.
    U-233 has about one quarter the bare sphere critical mass of U-235. As the US and UK proved with SOB and Orange Herald, if you use an implosion type bomb with a low spontaneous fission isotope, then you can squeeze a lot of effective critical masses together in the space of time you have. It would seem you can squeeze more U-233 effective critical masses (and the effective critical mass is inversely proportional to the square of the density). Without doing any calculations, there seems no reason to assume you can’t get over one megaton based on what was achieved with U-235. Probably best left there.
    .
    Please don’t get the impression I am any sort of real expert on this by the way!

  • Anon

    “your heat-synch (the reactor building etc) is no longer there?”

    Err “Heat Sink” of course!

  • Clark

    Is there anything preventing the anti-nuke lobby from running their own fuel-burn simulations, to show that such things can’t work? This would be a good way to open up debate.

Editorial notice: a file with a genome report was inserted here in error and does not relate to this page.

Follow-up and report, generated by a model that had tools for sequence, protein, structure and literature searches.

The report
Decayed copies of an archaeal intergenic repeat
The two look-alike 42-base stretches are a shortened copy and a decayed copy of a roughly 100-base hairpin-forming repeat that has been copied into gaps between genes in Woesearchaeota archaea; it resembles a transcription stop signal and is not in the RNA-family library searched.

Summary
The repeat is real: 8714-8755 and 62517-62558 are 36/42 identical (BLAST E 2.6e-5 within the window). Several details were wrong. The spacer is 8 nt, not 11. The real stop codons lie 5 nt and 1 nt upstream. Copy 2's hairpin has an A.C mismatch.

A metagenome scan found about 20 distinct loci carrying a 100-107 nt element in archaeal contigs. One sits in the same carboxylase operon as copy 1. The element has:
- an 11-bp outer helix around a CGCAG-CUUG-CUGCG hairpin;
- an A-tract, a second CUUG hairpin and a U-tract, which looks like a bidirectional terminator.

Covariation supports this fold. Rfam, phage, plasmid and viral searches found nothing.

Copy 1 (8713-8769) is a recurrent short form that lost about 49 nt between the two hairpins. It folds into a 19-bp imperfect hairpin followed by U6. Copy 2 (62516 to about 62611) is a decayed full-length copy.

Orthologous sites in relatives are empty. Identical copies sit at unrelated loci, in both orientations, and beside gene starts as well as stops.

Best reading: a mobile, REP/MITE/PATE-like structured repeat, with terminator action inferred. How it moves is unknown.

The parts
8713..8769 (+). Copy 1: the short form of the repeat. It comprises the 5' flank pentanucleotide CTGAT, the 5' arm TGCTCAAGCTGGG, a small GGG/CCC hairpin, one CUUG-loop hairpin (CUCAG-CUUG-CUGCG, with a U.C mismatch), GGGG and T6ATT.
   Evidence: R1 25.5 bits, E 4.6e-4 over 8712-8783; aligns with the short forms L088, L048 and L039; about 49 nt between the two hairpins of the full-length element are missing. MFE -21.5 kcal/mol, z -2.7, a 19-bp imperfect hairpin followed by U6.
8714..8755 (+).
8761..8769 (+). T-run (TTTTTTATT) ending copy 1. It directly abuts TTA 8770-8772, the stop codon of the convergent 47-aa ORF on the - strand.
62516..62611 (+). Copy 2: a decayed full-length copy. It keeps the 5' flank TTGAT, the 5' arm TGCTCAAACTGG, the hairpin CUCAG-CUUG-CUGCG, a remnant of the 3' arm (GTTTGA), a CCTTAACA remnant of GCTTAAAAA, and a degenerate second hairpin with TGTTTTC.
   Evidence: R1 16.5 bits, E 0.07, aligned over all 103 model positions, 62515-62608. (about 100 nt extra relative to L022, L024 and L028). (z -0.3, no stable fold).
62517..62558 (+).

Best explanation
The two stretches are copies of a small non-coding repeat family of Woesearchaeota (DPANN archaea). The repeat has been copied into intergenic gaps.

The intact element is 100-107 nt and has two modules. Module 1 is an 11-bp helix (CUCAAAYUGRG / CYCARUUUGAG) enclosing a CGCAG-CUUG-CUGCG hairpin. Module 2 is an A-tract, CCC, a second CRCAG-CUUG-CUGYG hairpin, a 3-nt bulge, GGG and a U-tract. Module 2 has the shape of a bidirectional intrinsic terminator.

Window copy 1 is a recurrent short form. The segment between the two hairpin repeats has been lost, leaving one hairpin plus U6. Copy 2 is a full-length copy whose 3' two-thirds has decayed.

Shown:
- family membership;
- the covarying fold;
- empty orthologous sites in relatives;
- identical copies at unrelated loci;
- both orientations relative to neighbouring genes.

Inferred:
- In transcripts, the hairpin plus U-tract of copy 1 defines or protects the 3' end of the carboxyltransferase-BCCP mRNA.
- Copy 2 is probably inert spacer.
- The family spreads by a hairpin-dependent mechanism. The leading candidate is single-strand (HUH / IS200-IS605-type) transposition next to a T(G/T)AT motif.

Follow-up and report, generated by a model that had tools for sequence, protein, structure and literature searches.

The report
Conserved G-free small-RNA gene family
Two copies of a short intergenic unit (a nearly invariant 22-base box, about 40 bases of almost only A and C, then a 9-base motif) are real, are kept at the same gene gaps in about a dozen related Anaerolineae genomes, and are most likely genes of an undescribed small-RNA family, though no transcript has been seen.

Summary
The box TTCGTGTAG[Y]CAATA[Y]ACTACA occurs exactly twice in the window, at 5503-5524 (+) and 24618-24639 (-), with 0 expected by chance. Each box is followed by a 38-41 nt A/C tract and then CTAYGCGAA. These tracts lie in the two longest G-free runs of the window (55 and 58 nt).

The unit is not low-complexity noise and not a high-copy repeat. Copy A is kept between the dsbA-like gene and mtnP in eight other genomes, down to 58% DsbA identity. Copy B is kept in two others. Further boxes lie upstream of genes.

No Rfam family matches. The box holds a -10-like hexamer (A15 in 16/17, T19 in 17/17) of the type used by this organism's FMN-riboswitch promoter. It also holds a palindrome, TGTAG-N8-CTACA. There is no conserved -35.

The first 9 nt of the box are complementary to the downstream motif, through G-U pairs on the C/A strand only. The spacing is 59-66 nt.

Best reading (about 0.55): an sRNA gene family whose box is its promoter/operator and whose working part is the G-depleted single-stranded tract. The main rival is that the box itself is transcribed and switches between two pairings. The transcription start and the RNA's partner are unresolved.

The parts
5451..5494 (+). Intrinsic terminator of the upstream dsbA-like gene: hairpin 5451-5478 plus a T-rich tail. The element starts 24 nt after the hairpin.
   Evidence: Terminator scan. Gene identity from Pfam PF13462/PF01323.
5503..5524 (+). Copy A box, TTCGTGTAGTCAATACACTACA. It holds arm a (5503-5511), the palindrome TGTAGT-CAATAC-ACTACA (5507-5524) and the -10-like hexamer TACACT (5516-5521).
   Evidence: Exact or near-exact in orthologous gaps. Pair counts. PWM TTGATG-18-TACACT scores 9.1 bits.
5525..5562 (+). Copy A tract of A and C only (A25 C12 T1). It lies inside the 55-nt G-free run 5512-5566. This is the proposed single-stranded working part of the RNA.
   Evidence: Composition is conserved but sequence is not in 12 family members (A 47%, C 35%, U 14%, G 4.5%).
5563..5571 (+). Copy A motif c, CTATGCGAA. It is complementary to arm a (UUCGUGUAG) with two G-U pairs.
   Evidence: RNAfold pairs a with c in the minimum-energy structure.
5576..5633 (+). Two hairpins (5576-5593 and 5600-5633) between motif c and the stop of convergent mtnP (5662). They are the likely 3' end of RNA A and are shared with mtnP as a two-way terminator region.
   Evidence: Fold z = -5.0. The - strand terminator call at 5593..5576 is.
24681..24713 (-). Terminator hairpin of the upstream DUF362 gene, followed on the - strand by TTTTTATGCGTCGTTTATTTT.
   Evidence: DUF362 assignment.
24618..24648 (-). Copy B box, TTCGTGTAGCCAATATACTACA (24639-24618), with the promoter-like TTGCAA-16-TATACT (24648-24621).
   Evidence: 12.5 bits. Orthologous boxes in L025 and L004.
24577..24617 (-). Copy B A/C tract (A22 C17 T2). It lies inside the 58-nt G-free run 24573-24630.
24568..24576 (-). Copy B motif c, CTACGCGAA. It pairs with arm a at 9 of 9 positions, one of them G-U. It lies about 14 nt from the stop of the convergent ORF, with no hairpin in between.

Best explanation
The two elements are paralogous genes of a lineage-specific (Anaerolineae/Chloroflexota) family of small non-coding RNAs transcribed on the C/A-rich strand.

“Apparently the Bill Gates supported Travelling Wave Reactor (also claimed as a waste burner) people, TerraPower, spent a lot of money on simulations which they they never released because they didn’t substantiate their claims.”

    Ah, good old Bill Gates, always was keen on Non-Disclosure Agreements! This issue also severely disadvantages developers of Free Software such as Linux and GNU. NDAs are why GNU/Linux systems sometimes can’t support newer hardware; Micro$oft pressure hardware manufacturers to disclose hardware interface specifications only to Microsoft. I think NDAs are utterly contrart to the spirit of science. Results should be published, even (especially?) if the funders don’t like them.

  • Clark

    Some things I’d like to know about MSR behaviour in accident and disaster conditions: (1) Tsunami / flood – what happens if containment fails and dumps the molten fuel salt into an excess of water? (2) What happens if the molten salt begins to boil?